Birds in Ancient Egypt As Mummies, Deities, for Food Art Amulets 40 Artifacts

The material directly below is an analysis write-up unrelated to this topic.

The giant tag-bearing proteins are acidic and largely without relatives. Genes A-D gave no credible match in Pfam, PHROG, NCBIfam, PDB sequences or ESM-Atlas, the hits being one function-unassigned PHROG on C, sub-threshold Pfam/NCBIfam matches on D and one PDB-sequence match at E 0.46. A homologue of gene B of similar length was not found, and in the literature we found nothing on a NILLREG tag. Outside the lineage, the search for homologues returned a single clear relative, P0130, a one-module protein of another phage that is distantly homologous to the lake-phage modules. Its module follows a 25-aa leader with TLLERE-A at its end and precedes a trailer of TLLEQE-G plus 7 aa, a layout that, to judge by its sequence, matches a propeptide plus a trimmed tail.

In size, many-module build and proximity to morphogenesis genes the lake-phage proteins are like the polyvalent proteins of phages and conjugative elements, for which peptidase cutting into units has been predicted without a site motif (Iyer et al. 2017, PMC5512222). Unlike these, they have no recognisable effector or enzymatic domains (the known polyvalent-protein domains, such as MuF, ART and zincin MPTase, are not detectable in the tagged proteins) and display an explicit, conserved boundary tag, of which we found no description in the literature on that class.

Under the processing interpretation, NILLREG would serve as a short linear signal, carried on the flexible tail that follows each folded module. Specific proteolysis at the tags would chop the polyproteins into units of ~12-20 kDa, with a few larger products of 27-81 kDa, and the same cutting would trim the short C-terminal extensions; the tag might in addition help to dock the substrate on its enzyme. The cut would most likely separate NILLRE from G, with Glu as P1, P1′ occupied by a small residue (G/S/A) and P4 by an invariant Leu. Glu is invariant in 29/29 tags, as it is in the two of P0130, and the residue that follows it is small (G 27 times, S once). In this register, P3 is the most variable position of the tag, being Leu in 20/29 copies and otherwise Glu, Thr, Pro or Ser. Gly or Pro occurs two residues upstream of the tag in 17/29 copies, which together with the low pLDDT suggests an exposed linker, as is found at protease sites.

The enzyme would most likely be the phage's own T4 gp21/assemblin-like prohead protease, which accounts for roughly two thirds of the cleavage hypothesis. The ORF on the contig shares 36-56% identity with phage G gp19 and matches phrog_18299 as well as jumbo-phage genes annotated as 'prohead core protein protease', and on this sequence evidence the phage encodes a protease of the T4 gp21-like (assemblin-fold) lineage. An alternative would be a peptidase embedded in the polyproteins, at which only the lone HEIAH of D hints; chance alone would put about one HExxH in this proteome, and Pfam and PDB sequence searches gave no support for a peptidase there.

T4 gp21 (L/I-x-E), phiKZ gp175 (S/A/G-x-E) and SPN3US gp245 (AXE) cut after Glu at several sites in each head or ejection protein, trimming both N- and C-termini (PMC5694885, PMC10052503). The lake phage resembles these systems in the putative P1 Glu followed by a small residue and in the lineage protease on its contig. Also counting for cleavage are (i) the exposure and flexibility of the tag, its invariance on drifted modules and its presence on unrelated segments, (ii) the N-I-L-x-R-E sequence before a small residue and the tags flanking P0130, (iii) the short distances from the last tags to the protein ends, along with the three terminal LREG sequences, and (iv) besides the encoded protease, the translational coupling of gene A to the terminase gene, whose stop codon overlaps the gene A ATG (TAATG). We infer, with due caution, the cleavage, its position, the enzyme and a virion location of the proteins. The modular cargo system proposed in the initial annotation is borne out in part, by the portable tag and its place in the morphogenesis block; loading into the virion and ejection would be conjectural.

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Seller: Top-Rated Seller ancientgifts (4,749) 100%, Location: Lummi Island, Washington, Ships to: Worldwide, Item: 382676322492 ”Between Heaven and Earth: Birds in Ancient Egypt” by Rozenn Bailleul-LeSuer. NOTE: We have 75,000 books in our library, almost 10,000 different titles. Odds are we have other copies of this same title in varying conditions, some less expensive, some better condition. We might also have different editions as well (some paperback, some hardcover, oftentimes international editions). If you don’t see what you want, please contact us and ask. We’re happy to send you a summary of the differing conditions and prices we may have for the same title. DESCRIPTION: Softcover. Publisher: Oriental Institute of the University of Chicago (2012). Pages: 232. Size: 11½ x 9 inches; 2 pounds. Issued in conjunction with an exhibit at the Oriental Institute Museum at the University of Chicago, this is the first comprehensive study of birds in ancient Egyptian society, economy, art, and religion. Essays address the role of birds in the religious landscape, their use in hieroglyphic and Coptic scripts, birds as protective symbols, as decorative motifs, and as food. A group of essays on "Egyptian Birds and Modern Science" presents the newest forensic research on bird mummies. Other articles address bird behavior as shown in Egyptian art and the present state of avifauna in the Nile Valley. The catalog describes forty artifacts, many of which are previously unpublished. An index of bird species makes this volume useful for naturalists as well as for Egyptologists and art historians. CONDITION: NEW. New oversized softcover. Oriental Institute of the University of Chicago (2012) 232 pages. Still in publisher's wraps. Unblemished, unmarked, pristine in every respect. Pages are pristine; clean, crisp, unmarked, unmutilated, tightly bound, unambiguously unread. Satisfaction unconditionally guaranteed. In stock, ready to ship. No disappointments, no excuses. PROMPT SHIPPING! HEAVILY PADDED, DAMAGE-FREE PACKAGING! Meticulous and accurate descriptions! Selling rare and out-of-print ancient history books on-line since 1997. We accept returns for any reason within 14 days! #8671a. PLEASE SEE DESCRIPTIONS AND IMAGES BELOW FOR DETAILED REVIEWS AND FOR PAGES OF PICTURES FROM INSIDE OF BOOK. PLEASE SEE PUBLISHER, PROFESSIONAL, AND READER REVIEWS BELOW. PUBLISHER REVIEWS: REVIEW: Readers are able to step back in time to discover the world of birds in ancient Egypt. “Between Heaven and Earth: Birds in Ancient Egypt,” the first American exhibit and catalogue devoted to birds in the Nile Valley. The exhibit and the accompanying catalogue explore the impact that birds had on ancient Egyptian religion, design, and the conception of the state. The Egyptians believed that all life emerged from an egg symbolized by the womb, represented in the exhibit by a magnificent ancient ostrich egg. At the end of life, they were buried in a coffin, which was also called an egg, creating a never-ending cycle of life, death, and rebirth based on birds. Both the exhibit and the catalogue include forty artifacts that emphasize how omnipresent birds were in ancient Egyptian culture. The exhibit is divided into sections dealing with bird imagery and the state; the exploitation of birds; birds as protective deities; birds as hieroglyphs; birds and the afterlife; and bird cults. The latter section features the newest forensic examination of bird mummies. The conclusion to the show is devoted to the conservation of wetlands in the Chicago area and in Egypt. The exhibit and catalogue mainly contain objects from the Oriental Institute Museum, many of which have never been exhibited, such as the legs for a folding stool that are beautifully inlaid with ivory in imitation of duck heads, the mummy of an eagle with remains of gilding, and a small bronze coffin topped with a figure of a falcon wearing a crown. The exhibit also includes treasures from other museums. From the Art Institute of Chicago is a bronze statue of the falcon-headed god Re-Horakhty, an exquisite carving of a quail chick, and a cosmetic dish in the form of a bird gliding on the surface of water. The Brooklyn Museum has sent a spectacular coffin for an ibis mummy decorated with gold, silver, and rock crystal, while the Field Museum of Natural History loaned a stone monument incised with an image of the enthroned king in the form of a falcon. The exhibit and catalogue are curated by Rozenn Bailleul-LeSuer, a doctoral candidate in Egyptology at the University of Chicago and a life-long “birder.” A fully illustrated catalog, edited by Bailleul-LeSuer, accompanies the exhibit. REVIEW: TABLE OF CONTENTS: Foreword by Gil J by Stein by Preface by Jack Green by Introduction by Rozenn Bailleul-LeSuer. Map of Principal Areas and Sites. From Kitchen to Temple: The Practical Role of Birds by Rozenn Bailleul-LeSuer. The Role of Birds within the Religious Landscape of Ancient Egypt by Foy Scalf. An Eternal Aviary: Bird Mummies from Ancient Egypt by Salima Ikram. Sheltering Wings: Birds as Symbols of Protection in Ancient Egypt by Randy Shonkwiler. Pharaoh Was a Good Egg, but Whose Egg Was He? by Arielle Kozloff. Birds in the Ancient Egyptian and Coptic Alphabets by Francois Gaudard. Birds and Bird Imagery in the Book of Thoth by Richard Jasnow. Birds in Late Antique Egypt by Susan H. Auth. Bird Identification from Art, Artifacts, and Hieroglyphs: An Ornithologist’s Viewpoint by John Wyatt. Bird Behavior in Ancient Egyptian Art by Linda Evans. Studying Avian Mummies at the KNH Centre for Biomedical Egyptology, University of Manchester: Past, Present, and Future Work by Lidija M. McKnight. Medical CT Scanning of Ancient Bird Mummies by Bin Jiang, MD, and Michael Vannier, MD. Challenges in CT Scanning of Avian Mummies by Charles A by Pelizzari, Chad R by Haney, Rozenn Bailleul-LeSuer, J by P by Brown, and Christian Wietholt. Terahertz Pulse Imaging of an Egyptian Bird Mummy by J by Bianca Jackson, Gérard Mourou, Julien Labaune, and Michel Menu. The Avifauna of the Egyptian Nile Valley: Changing Times by Sherif Baha el Din. Catalog of Artifacts 1-40. 210 illustrations (most in color). REVIEW: Issued in conjunction with an exhibit at the Oriental Institute Museum at the University of Chicago, this is the first comprehensive study of birds in ancient Egyptian society, economy, art, and religion. REVIEW: Rozenn Bailleul-LeSuer is a Ph.D. candidate in Egyptology at the University of Chicago, a life-long birder, and, most recently, the curator of the special exhibit Between Heaven & Earth: Birds in Ancient Egypt at the Oriental Institute Museum. After studying chemical engineering in France, as well as Greek and Latin in Vermont, she is now able to combine her passion for birds and her academic interest in Egypt. Her dissertation research tackles the economic impact of birds on Egyptian society, as they were used as offerings for the gods and the dead, and food for the living. PROFESSIONAL REVIEWS: REVIEW: REVIEW: The Nile river, the lifeblood of ancient Egypt, turned a strip of the Sahara into an oasis, enabling agriculture to thrive and creating a habitat for birds. Bird imagery, overflowing with symbolism, permeated all levels of society in Egypt. With colorful illustrations of Egyptian paintings, pottery and wall carvings depicting birds—as well as photographs of birds and bird mummies—Between Heaven and Earth: Birds in Ancient Egypt, edited by Rozenn Bailleul-LeSuer, brings this avifauna of ancient Egypt to life. Bridging the worlds of this life and the next—earth and heaven—birds were viewed as special beings that could transverse between these realms. Not only were they regarded as messengers of the divine, but it was believed that they also housed the souls of the blessed dead, thus becoming a symbol of hope for the afterlife. The Pharaoh himself was depicted as Horus, the falcon god. Other gods were portrayed as birds, too—like Thoth represented with the head of an ibis. On a more pragmatic level, birds were a valuable food source. There are many scenes of fowling on tomb walls, such as the image from Menna’s tomb that shows Menna and his family hunting birds with throwsticks. In addition to Egyptian iconography, this catalog examines bird mummies using CT scanning and Terahertz pulse imaging, which give new insight into the role of birds in Egyptian society. Finally, the catalog addresses the avian population in Egypt today and environmental changes to the landscape. Summarizing the beautiful exhibit that appeared last year at the Oriental Institute of the University of Chicago, this detailed catalog gives an excellent picture of how birds functioned and were viewed in ancient Egypt. REVIEW: I had the pleasure a couple of weeks ago of seeing an exhibit at the Oriental Institute Museum in Chicago for a second time. It is called Between Heaven and Earth: Birds in Ancient Egypt, and it displays artifacts from the Oriental Institute with a few select items borrowed from other Chicago museums and one coffin for an ibis from the Brooklyn Museum. Everything in the show which ends at the end of this month relates to the role of birds in Ancient Egypt culture. Among the items are bird mummies, statues, reproductions of wall paintings, vases and other pottery, furniture, and a 5000 year old ostrich egg. I was so impressed at my first viewing of the special exhibit that I bought the catalog, "Between Heaven and Earth: Birds in Ancient Egypt" edited by Rozenn Bailleul-LeSuer. The first half of this attractive publication is a collection of short papers about the roles of birds along the Nile River. The last half shows and explains all the items in the exhibit. One role of birds in Ancient Egypt was as food, as the river attracted great flocks of water fowl. After fish, birds were the second most popular source of protein in the Egyptian diet. In the collection is a wall painting of a royal person hunting birds with a throwstick, an actual 3500 year old throwstick, and another painting showing ducks and geese being herded and caged for sale. Eating was not, however, the Egyptians only concern. They were interested in nature, and everywhere they looked there were birds, especially every spring and fall during the great migrations between Europe and Sub-Saharan Africa. Many of these birds whose species can still be identified were depicted in Egyptian art works. But there is more. Egyptians believed their gods took the forms of birds and some birds, because they could fly, served as messengers between earth and heaven. Falcons, ibises, storks, vultures, and owls figure in myths and even lend their shapes to hieroglyphs. There are 54 recognized bird hieroglyphs and another 8 of bird parts, such as feathers and eggs. There is so much more to say, but I should let you discover it through the catalog which is so beautifully illustrated. It is worth seeking out. REVIEW: Thanks to the University of Chicago Medicine’s Department of Radiology, computed tomography (CT) scans show a mummified goose was plucked and cleaned as neatly as a Thanksgiving turkey. The cook even left giblets inside “and a bundle of linen to keep its shape,” guest curator Rozenn Bailleul-LeSuer said. The 3,500-year-old entrée is part of “Between Heaven & Earth: Birds in Ancient Egypt,” an exhibit and accompanying catalogue which pairs five bird mummies with CT scans produced at the University of Chicago Medical Center. Visitors and readers can view the mummies along with 2- and 3-D images that re-imagine the birds in their prime. The noninvasive CT technology yielded critical data. “We were able to identify species, ages and conditions of the birds,” said chief curator Jack Green, PhD. Millions of migrating birds that visited the Nile Valley left an impact on Egyptian culture. The Egyptians domesticated geese, worshipped bird deities, and mummified birds en masse to carry prayers to the gods. Venerated species included the falcon and ibis. Hawks, kestrels, owls, quails and waterfowl are recurring figures in reliefs and objects of daily life. The 40 artifacts on display include bird-motif amulets, a duck-shaped vase and a boomerang-like “throwstick” for hunting waterfowls. Doctoral candidate Bailleul-LeSuer, researching the socio-economic aspects of birds in Egypt, was planning the show when she spied a cache of 29 bird mummies in the museum’s collection. Most were wrapped, prompting Bailleul-LeSuer to ask if the contents could be scanned at the Medical Center. Michael W. Vannier, MD, professor of Radiology, who supervised the scan of a 3,000-year-old mummy for a 2009 exhibit, spearheaded this foray into avian anatomy. Members of his team practiced on specimens loaned by the Field Museum of Natural History before tackling the artifacts. On the plus side, deceased birds don’t squirm and radiation dosage is irrelevant. “You can take all the time you need,” said team member Charles Pelizzari, PhD, associate professor of Radiation and Cellular Oncology. Yet there were challenges. CT scanners are designed for human-sized subjects. Adjusting a 256-slice scanner on a tiny sparrow “is very tricky,” said Pelizzari, director of the Section of Medical Physics. “We scanned the little guys over and over again until we found the right protocol.” Curators gingerly brought the mummies for their checkups during patient lulls on August 19 and October 25, 2011. The specialists deployed a clinical CT scanner and a micro-CT scanner for finer resolution. It took minutes to acquire hundreds of images, and weeks to process and analyze the data. The radiologists optimized scanning parameters, effectively restoring desiccated organs and skeletal remains to produce 3-D images. Among their findings: A rare gilt adult eagle was found to have a compressed neck, giving rise to speculation that the bird of prey was damaged during embalming or killed as a sacrifice. “A bird that size would put up a fight,” Bailleul-LeSuer said. Scans of an ibis revealed a packet of snail shells in its abdominal cavity, evidence this sacred bird merited food in the afterlife. An elaborate mummy contained a jumble of broken bones and reeds. Among the possibilities: A merchant palmed it off as the real McCoy or Egyptians believed that even “road kill” could serve as a courier to the gods. The Oriental Institute will submit its findings to a database that tracks animal remains and the civilizations that preserved them. Meanwhile, Pelizzari is game for more projects that merge art, history, science and forensics. The birds-eye view into the past “was really cool,” he said. REVIEW: Exhibit and accompanying catalogue published by the University of Chicago's Oriental Institute. Entering the special exhibit at the Oriental Institute Museum at the University of Chicago, you will immediately feel transported into the ancient Nile delta marshlands with its lush green flora. The combination of colors, video footage, bird songs, and ancient artifacts will give you the impression that you have just traveled through time and space. At the start of the exhibit, you will find one of their most impressive artifacts, an empty shell of an ostrich egg from 3100 B.C. With its perfect shape and marbleized shell, it appears as if it has just been carved out of stone. These ostrich eggs have not only been used in ancient Egypt as containers for liquids and raw material for bead carving, but also symbolize the deep integration of avian life into ancient Egypt's spirituality. All life is at times described as entering and leaving the world through the egg as a vessel, and that birds are messengers that can travel between the realms of men and their gods. Many of the Egyptian gods are portrayed as birds, and even their people have been symbolized by different bird species. Such information about ancient cultures has been extracted from many sources such as ancient texts and drawings, exploration of burial sites, and with the help of X-ray CT imaging from mummified bird specimens. As shown impressively by Rozenn Bailleul-LeSuer, the reconstructed 3D X-ray images can be examined with Amira to extract the desired information and sometimes even discover surprises. Rozenn and her team of imaging scientists worked on several specimens, of which we would like to highlight two. Information about the remaining specimens and artifacts exhibited at the Oriental Institute can be found in the catalogue that complements this exhibit. "Between Heaven & Earth: Birds in Ancient Egypt" is an exciting exhibit combining traditional archeological and anthropological methods with modern imaging techniques to inform the interested visitor about the role of birds in routine daily life as well as spirituality of ancient Egypt. The Oriental Institute is a research organization and museum devoted to the study of the ancient Near East. Founded in 1919 by James Henry Breasted, the Institute, a part of the University of Chicago, is an internationally recognized pioneer in the archaeology, philology, and history of early Near Eastern civilizations. READER REVIEWS: REVIEW: The illustrations and history of this type of art is most interesting. I haven't finished the book yet, it’s a long read one you can pick up now and then and read through a section at a time. A good quality book, beautifully illustrated. Whether you have an interest in birds, religious art and the history attached to it, you will enjoy this book. To give you some chapter titles that might spark your interest ... The revered and the hunted: the role of birds in ancient Egyptian Society, Birds and Modern Science - bird identification from art, artifact, and hieroglyphs, bird behavior in Ancient Egyptian Art, Avian Mummies, Medical CT scanning of bird mummies. The Catalog has good explanations, photographs, and history. Great book. I've enjoyed it. REVIEW: Highly recommended! The next time you come across an ancient Egyptian mummy in a museum, rather than thinking of looming pyramids and cursed tomb robbers, consider this: that mummy was probably a better birder than you are. Okay, I don’t know if the ancient Egyptians would have considered it “birding” – I doubt they maintained life lists. But they certainly knew their birds to a degree that I doubt many in the modern era could equal. The Oriental Institute’s catalogue “Between Heaven and Earth: Birds in Ancient Egypt” showcases just how thoroughly birds permeated every aspect of ancient Egyptian life. They painted birds and sculpted them, drew them in their writing as hieroglyphs, raised and shepherded and ate them, and saw their gods embodied in their forms. REVIEW: I saw this fascinating exhibit and purchased the accompanying catalogue at the Oriental Institute in Chicago and would highly recommend it. It is the first American exhibit/catalogue book devoted to birds of the Nile Valley. It explores the impact and importance of birds on the ancient Egyptian culture and includes 40 artifacts. I learned that some Egyptian gods took the form of the falcon (Horus) or the ibis (Thoth). Birds were a key part of the life-and-death cycle of Ancient Egypt and I spotted a mummified eagle and a coffin for an Ibis mummy (below) in wood, gesso, silver, gold, rock crystal. I always ship books Media Mail in a padded mailer. 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However many of the items also come from purchases I make in Eastern Europe, India, and from the Levant (Eastern Mediterranean/Near East) from various institutions and dealers. Though I have always had an interest in archaeology, my own academic background was in sociology and cultural anthropology. After my retirement however, I found myself drawn to archaeology as well. Aside from my own personal collection, I have made extensive and frequent additions of my own via purchases on Ebay (of course), as well as many purchases from both dealers and institutions throughout the world - but especially in the Near East and in Eastern Europe. I spend over half of my year out of the United States, and have spent much of my life either in India or Eastern Europe. In fact much of what we generate on Yahoo, Amazon and Ebay goes to support The Hermitage Museum in St. Petersburg, as well as some other worthy institutions in Europe connected with Anthropology and Archaeology. I acquire some small but interesting collections overseas from time-to-time, and have as well some duplicate items within my own collection which I occasionally decide to part with. Though I have a collection of ancient coins numbering in the tens of thousands, my primary interest is in ancient jewelry. My wife also is an active participant in the "business" of antique and ancient jewelry, and is from Russia. I would be happy to provide you with a certificate/guarantee of authenticity for any item you purchase from me. There is a $2 fee for mailing under separate cover. Whenever I am overseas I have made arrangements for purchases to be shipped out via domestic mail. If I am in the field, you may have to wait for a week or two for a COA to arrive via international air mail. But you can be sure your purchase will arrive properly packaged and promptly - even if I am absent. And when I am in a remote field location with merely a notebook computer, at times I am not able to access my email for a day or two, so be patient, I will always respond to every email. Please see our "ADDITIONAL TERMS OF SALE." Condition: NEW. Still in publisher's wraps. See detailed condition description below., Title: Between Heaven and Earth, Subtitle: Birds in Ancient Egypt, Provenance: Ancient Egypt, Material: Paper, Publisher: Oriental Institute of the University of Chicago (2, Format: Oversized Softcover, Length: 232 pages, Size: 11½ x 9 inches; 2 pounds.